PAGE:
Thursday, November 10, 2016

The Story of Isaac (Portion Vayera--in memory of Leonard Cohen, z"l)

You who build these altars now
To sacrifice these children
You must not do it anymore
A scheme is not a vision
And you never have been tempted
By a demon or a God
You who stand above them now
Your hatchets blunt and bloody
You were not there before
When I lay upon a mountain
And my father's hand was trembling
With the beauty of the word

And if you call me brother now
Forgive me if I inquire
"Just according to whose plan?"
When it all comes down to dust
I will kill you if I must
I will help you if I can
When it all comes down to dust
I will help you if I must
I will kill you if I can
And mercy on our uniform
Man of peace or man of war
The peacock spreads his fan
                        Leonard Cohen, The Story of Isaac

In this fall’s e-Torah, I’m focusing on midrash on the weekly portion.  For the most part, this means classic rabbinic commentary, but midrash really means “interpretation”—and that process of encountering and wrestling with the biblical text is a living one that very much continues in our time.  In that spirit, this week I’m sharing a text from a song, The Story of Issaac, by Leonard Cohen, z”l, who died on Thursday.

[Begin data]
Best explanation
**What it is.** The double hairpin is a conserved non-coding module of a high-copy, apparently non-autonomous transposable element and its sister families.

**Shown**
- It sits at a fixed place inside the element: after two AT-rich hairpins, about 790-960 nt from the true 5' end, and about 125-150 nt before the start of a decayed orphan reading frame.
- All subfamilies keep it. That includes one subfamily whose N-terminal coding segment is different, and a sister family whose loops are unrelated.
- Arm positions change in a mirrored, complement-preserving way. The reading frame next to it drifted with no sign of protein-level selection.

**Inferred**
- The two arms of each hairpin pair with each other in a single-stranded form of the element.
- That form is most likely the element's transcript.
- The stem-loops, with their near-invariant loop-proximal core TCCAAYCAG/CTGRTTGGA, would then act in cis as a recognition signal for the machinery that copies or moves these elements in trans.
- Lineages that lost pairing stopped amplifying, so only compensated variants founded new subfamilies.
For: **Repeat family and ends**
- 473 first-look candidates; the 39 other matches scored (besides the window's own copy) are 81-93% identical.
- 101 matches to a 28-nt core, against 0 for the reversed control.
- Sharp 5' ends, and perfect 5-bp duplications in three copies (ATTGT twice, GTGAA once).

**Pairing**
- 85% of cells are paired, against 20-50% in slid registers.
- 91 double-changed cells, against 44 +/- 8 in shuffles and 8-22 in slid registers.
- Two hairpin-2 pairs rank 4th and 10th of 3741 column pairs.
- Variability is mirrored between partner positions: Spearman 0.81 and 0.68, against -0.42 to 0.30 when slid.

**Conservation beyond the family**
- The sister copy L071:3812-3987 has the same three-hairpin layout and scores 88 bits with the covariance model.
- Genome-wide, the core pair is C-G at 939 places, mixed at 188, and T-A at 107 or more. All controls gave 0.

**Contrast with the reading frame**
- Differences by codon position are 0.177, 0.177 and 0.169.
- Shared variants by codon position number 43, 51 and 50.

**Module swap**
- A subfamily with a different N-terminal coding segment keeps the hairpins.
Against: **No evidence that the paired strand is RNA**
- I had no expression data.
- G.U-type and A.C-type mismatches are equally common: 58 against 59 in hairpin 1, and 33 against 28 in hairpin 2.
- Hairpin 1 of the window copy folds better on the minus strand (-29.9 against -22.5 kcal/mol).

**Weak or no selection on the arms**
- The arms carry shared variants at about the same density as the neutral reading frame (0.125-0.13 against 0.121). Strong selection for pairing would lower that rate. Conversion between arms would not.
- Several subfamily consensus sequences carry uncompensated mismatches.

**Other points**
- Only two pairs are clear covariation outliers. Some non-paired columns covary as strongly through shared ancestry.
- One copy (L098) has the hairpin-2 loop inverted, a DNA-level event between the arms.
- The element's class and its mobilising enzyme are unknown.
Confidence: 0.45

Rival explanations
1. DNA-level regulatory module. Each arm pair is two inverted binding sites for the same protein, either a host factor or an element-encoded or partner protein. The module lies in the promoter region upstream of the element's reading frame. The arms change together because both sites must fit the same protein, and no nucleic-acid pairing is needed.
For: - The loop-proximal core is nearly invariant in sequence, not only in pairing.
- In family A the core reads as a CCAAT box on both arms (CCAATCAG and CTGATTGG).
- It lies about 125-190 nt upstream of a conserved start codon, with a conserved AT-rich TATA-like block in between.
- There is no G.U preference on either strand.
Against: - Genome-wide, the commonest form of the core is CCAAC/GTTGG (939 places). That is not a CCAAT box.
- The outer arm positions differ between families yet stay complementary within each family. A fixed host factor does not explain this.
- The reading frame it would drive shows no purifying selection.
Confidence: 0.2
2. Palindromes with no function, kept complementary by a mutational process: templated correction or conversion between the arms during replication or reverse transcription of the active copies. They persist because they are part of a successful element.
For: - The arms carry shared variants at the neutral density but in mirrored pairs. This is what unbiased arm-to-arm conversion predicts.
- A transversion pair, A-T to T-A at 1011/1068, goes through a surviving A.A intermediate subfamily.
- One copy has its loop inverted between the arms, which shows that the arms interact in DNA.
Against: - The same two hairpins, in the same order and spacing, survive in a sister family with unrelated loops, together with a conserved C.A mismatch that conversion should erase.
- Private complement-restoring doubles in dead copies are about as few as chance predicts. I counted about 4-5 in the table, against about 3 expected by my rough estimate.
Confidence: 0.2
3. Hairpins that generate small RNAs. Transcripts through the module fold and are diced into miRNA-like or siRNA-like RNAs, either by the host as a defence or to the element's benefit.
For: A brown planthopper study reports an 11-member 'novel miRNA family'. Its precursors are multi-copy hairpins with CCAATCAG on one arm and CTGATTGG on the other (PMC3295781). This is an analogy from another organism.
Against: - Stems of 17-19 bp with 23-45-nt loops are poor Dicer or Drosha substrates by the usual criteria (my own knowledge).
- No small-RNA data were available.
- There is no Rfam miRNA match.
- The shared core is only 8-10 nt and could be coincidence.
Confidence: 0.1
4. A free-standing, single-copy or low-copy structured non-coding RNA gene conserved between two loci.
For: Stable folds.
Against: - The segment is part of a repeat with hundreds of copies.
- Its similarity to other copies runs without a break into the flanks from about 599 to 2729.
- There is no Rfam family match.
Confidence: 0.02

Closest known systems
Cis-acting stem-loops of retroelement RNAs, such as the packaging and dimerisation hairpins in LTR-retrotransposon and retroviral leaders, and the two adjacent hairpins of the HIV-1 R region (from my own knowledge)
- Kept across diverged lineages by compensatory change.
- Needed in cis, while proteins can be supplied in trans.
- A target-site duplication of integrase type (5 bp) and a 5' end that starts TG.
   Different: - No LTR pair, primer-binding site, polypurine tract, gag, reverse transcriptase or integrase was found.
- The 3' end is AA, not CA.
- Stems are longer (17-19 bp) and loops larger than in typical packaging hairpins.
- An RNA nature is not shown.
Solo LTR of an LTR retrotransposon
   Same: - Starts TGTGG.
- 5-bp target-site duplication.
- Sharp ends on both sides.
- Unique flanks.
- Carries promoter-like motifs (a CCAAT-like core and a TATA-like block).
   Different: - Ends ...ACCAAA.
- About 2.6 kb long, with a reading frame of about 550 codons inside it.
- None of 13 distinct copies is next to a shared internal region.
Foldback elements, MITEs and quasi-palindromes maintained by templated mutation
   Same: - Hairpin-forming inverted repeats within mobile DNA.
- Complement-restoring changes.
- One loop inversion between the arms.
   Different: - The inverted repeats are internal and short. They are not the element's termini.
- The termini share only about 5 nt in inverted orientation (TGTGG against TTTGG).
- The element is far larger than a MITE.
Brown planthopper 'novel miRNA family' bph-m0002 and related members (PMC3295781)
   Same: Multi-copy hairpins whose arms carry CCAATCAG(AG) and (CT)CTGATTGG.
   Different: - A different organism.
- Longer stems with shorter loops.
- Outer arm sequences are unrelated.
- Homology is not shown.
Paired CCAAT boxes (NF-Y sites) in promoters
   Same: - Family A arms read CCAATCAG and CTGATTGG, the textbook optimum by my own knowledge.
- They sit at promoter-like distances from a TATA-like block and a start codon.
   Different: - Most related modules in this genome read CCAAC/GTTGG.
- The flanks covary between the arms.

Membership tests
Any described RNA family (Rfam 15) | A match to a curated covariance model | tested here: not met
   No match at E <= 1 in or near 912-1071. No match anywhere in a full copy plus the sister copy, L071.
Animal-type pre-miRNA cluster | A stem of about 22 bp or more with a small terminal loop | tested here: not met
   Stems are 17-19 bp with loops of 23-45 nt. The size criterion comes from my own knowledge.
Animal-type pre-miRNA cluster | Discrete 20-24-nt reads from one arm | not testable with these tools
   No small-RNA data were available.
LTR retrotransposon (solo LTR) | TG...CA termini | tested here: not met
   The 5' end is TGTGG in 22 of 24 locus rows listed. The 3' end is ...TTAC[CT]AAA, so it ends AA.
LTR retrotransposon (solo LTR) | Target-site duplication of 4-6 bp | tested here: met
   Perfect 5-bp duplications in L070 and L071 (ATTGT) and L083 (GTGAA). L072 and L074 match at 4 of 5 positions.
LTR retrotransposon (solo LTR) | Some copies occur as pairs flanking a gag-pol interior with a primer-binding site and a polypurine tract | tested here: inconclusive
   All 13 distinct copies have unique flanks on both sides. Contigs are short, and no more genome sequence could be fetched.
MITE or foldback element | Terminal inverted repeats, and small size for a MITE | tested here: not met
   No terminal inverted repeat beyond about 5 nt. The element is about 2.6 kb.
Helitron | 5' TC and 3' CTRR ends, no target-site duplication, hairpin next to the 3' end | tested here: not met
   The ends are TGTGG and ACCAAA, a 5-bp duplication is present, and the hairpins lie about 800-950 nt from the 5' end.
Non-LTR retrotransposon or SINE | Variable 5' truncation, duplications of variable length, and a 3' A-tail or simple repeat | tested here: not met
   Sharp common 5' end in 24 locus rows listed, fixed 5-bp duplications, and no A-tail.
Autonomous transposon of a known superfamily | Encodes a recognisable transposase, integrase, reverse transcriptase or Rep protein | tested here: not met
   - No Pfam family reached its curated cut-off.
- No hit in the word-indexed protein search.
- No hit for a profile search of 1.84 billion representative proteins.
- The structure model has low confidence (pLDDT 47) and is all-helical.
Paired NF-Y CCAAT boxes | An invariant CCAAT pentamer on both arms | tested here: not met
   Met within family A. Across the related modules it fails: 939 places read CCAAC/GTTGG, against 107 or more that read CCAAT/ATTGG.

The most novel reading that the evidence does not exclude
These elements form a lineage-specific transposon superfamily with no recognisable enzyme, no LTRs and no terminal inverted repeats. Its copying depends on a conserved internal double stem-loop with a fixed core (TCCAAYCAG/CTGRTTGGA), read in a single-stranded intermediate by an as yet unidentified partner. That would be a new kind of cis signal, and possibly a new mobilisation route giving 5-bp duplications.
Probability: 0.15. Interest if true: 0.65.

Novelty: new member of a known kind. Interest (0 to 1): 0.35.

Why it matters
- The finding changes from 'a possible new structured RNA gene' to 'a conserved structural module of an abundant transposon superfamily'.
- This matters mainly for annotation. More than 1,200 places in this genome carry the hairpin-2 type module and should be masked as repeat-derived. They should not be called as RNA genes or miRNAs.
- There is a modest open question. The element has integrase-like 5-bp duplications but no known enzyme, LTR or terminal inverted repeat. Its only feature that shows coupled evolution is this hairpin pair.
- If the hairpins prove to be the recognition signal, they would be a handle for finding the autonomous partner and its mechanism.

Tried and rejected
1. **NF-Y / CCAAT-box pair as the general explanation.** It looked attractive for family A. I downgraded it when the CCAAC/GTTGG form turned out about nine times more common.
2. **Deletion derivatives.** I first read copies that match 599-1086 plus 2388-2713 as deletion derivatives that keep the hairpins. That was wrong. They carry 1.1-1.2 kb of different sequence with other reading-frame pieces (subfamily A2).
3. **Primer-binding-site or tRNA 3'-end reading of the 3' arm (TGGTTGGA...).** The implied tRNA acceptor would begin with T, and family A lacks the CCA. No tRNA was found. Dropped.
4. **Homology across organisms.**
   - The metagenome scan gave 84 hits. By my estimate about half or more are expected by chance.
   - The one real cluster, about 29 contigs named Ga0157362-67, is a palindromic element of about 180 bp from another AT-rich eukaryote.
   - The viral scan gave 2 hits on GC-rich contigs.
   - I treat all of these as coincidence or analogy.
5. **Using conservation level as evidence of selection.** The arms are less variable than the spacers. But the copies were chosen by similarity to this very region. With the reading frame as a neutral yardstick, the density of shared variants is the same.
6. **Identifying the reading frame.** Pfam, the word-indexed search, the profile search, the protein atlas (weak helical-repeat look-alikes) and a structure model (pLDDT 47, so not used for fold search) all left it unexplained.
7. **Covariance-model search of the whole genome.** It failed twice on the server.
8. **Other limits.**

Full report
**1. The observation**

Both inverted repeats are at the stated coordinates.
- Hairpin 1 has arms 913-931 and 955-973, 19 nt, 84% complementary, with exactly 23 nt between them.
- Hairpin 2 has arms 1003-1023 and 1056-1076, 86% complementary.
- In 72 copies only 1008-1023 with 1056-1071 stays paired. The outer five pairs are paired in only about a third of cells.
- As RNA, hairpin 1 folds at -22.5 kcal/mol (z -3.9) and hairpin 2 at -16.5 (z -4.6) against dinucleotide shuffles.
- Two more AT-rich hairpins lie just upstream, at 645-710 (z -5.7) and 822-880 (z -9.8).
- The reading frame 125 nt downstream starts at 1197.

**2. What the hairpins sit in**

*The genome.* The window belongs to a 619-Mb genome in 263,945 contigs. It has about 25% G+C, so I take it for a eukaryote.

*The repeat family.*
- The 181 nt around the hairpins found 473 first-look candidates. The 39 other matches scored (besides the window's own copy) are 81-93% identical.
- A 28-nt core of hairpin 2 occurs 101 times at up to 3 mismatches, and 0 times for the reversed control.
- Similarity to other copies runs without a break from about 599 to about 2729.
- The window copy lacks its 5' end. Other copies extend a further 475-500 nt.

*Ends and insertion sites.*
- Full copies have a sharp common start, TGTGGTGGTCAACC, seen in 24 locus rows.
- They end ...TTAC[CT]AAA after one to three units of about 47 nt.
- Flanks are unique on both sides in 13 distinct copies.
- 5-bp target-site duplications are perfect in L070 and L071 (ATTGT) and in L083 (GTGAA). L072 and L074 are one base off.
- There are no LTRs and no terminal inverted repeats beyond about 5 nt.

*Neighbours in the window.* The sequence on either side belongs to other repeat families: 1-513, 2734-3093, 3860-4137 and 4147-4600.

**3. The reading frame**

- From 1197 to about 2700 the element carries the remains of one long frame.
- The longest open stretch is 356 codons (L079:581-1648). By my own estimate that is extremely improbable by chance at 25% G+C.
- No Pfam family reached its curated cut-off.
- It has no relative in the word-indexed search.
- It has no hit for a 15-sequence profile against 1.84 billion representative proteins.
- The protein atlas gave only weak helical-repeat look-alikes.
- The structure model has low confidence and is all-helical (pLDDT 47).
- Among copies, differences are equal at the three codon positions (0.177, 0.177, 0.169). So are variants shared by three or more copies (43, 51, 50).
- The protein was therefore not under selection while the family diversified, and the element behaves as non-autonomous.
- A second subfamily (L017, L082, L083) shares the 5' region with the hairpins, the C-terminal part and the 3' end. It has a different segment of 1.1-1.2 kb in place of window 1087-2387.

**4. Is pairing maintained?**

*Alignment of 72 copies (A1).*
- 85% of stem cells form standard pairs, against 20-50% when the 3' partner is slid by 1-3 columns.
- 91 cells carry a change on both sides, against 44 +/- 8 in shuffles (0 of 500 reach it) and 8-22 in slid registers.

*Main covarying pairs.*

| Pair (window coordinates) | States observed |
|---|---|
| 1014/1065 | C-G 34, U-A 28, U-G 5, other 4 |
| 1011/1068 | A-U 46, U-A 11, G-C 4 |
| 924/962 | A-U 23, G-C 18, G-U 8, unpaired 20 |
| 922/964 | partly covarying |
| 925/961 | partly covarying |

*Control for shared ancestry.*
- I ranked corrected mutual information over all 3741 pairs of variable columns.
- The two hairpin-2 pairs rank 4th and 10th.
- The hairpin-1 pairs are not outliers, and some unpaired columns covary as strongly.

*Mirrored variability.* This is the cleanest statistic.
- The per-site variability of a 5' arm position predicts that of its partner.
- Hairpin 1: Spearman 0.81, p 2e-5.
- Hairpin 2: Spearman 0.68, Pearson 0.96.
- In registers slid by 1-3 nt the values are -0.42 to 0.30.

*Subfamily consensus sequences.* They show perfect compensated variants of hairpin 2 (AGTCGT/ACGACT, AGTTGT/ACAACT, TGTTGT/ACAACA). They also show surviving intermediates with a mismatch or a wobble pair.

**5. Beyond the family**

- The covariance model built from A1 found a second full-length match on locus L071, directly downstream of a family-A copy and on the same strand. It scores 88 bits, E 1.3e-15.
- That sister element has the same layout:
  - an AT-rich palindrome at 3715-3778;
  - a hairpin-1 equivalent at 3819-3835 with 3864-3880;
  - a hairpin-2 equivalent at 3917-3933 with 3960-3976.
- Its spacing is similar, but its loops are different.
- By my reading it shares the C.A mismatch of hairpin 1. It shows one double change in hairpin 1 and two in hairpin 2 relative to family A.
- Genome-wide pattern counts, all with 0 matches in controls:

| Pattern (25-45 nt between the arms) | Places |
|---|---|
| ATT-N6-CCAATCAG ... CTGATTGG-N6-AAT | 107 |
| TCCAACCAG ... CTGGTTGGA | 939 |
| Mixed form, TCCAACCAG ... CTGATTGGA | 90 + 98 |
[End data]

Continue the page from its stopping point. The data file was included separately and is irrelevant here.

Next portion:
The Torah portion ends with the Akedah, the account of the binding of Isaac that many know from the reading on Rosh Hashanah morning.  In Cohen’s telling, this terse tale becomes an anti-war hymn and cautionary warning against all the callous ways that we still sacrifice our children.  While God spared Isaac, too many are not granted such a reprieve.  Cohen introduced the song this way in a 1968 session with the BBC: “There's a story in the Bible about Isaac, how his father summoned him to go and climb a mountain, how his father built an altar there after he had been commanded to offer up his son.  And just at the last moment before he was about to sacrifice Isaac, an angel held the hand of the father.  But today the children are being sacrificed and no one raises a hand to end the sacrifice.  And this is what this song is about.”

This week, consider: How are we still leading our children to the altar?  What societal changes do we need to make to better tend to them and their future?

And for a fine performance of the entire song:

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